Z390 Motherboard Impact on Cinebench Scores

z390 motherboard differences cinebench scores

We should first point-out the outlier result: At 2195 points, Gigabyte’s Z390 Master motherboard is leveraging MCE to max-out all cores to the single-core Turbo of 5.0GHz. Here’s the thing: In this instance, MCE is OK, because it was a manual change made by us. Gigabyte does not try to trick MCE into being enabled under auto or XMP configurations. This is the correct way to do it, we think: they’re offering an option, but not sneaking it into a state of being on, and so we commend Gigabyte for this arrangement. ASUS does the same thing, for reference.

At the low-end, we have the ASUS Maximus XI Hero with XMP enabled and “no” selected when prompted for enhancement options. Performance is actually worse than depicted here, because the CPU is hitting ASUS power limitations on ICCMAX on occasion. We saw power throttling from 10.8A to 8.8A, or 129.6W to 105W, when running some Cinebench passes. It doesn’t always happen, but it power throttles enough to cause the low average score. The worst ASUS score was 1976 points, for reference. If we highlight the ASUS Maximus XI with Auto settings, you’ll see that it actually outperforms the board with XMP and “no” selected to the prompt. If ASUS is following power throttling to match Intel’s ICCMAX specification, they should probably also follow it under complete auto settings, not just with XMP on. We find this choice of behavior odd. Selecting “Yes” to the prompt results in a score of 2056 points, which is markedly higher than the 1976 to 2030 range we had with “No” selected, and roughly equivalent with the auto settings. That’s because the auto settings are using a 100.5BCLK, so it is able to achieve the same performance as with the memory under XMP.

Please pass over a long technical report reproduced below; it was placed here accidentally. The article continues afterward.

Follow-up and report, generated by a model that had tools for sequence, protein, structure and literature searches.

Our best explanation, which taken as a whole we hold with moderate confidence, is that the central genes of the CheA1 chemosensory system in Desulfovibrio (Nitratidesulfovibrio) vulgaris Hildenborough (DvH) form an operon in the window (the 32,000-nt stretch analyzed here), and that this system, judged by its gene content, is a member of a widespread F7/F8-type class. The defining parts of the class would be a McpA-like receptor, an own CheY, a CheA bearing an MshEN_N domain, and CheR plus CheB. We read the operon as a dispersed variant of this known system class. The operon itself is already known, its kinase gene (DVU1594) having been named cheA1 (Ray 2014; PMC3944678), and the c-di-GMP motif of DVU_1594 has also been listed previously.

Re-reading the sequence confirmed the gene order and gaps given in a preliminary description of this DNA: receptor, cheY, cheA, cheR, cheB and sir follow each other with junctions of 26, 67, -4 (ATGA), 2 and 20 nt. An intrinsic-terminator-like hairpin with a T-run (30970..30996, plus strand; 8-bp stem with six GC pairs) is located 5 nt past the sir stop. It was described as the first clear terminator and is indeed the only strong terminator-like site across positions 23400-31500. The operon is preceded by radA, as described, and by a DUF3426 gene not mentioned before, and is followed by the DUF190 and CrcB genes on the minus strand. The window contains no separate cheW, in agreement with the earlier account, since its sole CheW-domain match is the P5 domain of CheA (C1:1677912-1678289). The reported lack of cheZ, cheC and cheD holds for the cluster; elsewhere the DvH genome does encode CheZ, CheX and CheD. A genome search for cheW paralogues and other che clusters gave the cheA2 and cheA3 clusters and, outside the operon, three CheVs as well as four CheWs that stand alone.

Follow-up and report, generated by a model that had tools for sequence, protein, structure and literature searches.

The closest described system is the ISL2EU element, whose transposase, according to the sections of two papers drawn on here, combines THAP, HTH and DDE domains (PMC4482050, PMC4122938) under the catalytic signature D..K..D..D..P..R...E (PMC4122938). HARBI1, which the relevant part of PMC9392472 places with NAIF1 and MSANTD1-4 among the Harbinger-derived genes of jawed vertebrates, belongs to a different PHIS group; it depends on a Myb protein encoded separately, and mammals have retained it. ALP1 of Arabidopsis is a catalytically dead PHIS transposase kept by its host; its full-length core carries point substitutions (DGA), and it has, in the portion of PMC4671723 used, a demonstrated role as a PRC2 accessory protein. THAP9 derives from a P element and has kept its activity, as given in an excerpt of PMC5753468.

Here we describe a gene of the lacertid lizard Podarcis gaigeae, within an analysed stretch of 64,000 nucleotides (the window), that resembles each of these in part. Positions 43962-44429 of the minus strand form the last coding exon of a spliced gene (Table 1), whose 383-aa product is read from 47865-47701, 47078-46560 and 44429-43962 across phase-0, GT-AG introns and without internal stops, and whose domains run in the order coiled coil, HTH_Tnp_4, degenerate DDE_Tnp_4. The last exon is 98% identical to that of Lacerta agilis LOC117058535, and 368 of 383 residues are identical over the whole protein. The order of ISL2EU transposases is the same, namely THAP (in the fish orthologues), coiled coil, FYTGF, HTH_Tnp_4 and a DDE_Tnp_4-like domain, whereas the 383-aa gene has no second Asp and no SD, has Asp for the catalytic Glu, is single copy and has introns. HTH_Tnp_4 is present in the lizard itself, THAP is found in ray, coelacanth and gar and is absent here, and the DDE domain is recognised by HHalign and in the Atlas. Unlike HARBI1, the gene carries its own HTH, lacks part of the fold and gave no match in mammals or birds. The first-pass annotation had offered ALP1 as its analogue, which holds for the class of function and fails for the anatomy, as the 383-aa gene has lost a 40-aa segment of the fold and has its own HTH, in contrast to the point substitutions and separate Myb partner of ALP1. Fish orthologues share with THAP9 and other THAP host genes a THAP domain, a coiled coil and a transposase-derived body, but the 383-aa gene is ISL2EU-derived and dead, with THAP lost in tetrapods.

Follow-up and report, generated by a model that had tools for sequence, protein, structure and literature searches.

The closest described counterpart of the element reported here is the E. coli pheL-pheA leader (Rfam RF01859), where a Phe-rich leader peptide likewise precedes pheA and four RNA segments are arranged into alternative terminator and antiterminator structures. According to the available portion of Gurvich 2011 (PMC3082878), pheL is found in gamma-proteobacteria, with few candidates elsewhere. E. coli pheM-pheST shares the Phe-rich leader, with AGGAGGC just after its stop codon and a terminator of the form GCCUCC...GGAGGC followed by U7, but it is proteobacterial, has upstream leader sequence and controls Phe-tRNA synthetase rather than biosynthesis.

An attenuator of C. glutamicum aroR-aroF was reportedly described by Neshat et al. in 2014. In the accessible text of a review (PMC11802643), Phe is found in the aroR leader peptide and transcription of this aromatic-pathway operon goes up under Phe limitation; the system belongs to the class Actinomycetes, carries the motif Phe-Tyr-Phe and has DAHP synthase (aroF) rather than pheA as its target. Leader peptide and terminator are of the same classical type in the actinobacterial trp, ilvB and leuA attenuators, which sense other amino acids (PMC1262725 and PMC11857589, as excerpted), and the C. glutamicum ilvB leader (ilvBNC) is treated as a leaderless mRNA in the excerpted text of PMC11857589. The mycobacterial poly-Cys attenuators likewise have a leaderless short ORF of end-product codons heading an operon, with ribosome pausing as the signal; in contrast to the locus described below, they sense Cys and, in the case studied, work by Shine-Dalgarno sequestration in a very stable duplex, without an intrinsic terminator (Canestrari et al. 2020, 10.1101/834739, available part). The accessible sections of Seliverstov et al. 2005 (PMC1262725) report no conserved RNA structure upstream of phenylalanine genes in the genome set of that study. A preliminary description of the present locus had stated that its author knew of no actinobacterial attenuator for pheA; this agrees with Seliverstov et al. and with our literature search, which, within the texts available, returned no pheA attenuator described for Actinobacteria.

Finally, MSI clearly holds an unfair lead. MSI’s BCLK of 100.8 is resulting in a 2087 score, significantly ahead of other boards that use lower base clocks. The next closest board is Gigabyte’s Master motherboard, which runs a BCLK of 100.

Z390 Motherboard Impact on Intel i9-9900K Power Consumption

z390 motherboard differences power consumption

Power consumption is another major part of the story, and this one doesn’t carry the questionable variance and accuracy of Cinebench. For these tests, we are looking at clamped power draw down the EPS12V cables for each board.

EVGA runs the lowest power consumption, a consequence of also running lower voltages. The EVGA FTW operates a 120W EPS12V draw during both Auto and XMP tests. Gigabyte is adjacent at 125W, with all of the ASUS tests falling within range of 130W. Let’s again knock-out the outlier and address the 196W draw number: That’s from enabling MCE on the Gigabyte board which, again, is done manually by the user. Power consumption goes way up to support the 5GHz all-core overclock, as expected, and single-core power draw also increases. MSI draws significantly more power than the EVGA, Gigabyte, and ASUS motherboards, pushing upwards of 140W with its baseline configuration. This is a result of higher voltages sustaining a higher base clock, and this also contributes to temperature variance in results. We’ve talked about that in the past. Even still, ASRock’s board is aggressive in its power pulled down the EPS12V cables. With a 100BCLK and lower clocks than MSI, ASRock is blasting voltage unnecessarily and pulling 145W to 160W during tests. The updated BIOS is better by 12W, but still overkill when compared to everyone else. This board should be closer to EVGA and Gigabyte, and is overdrawing power.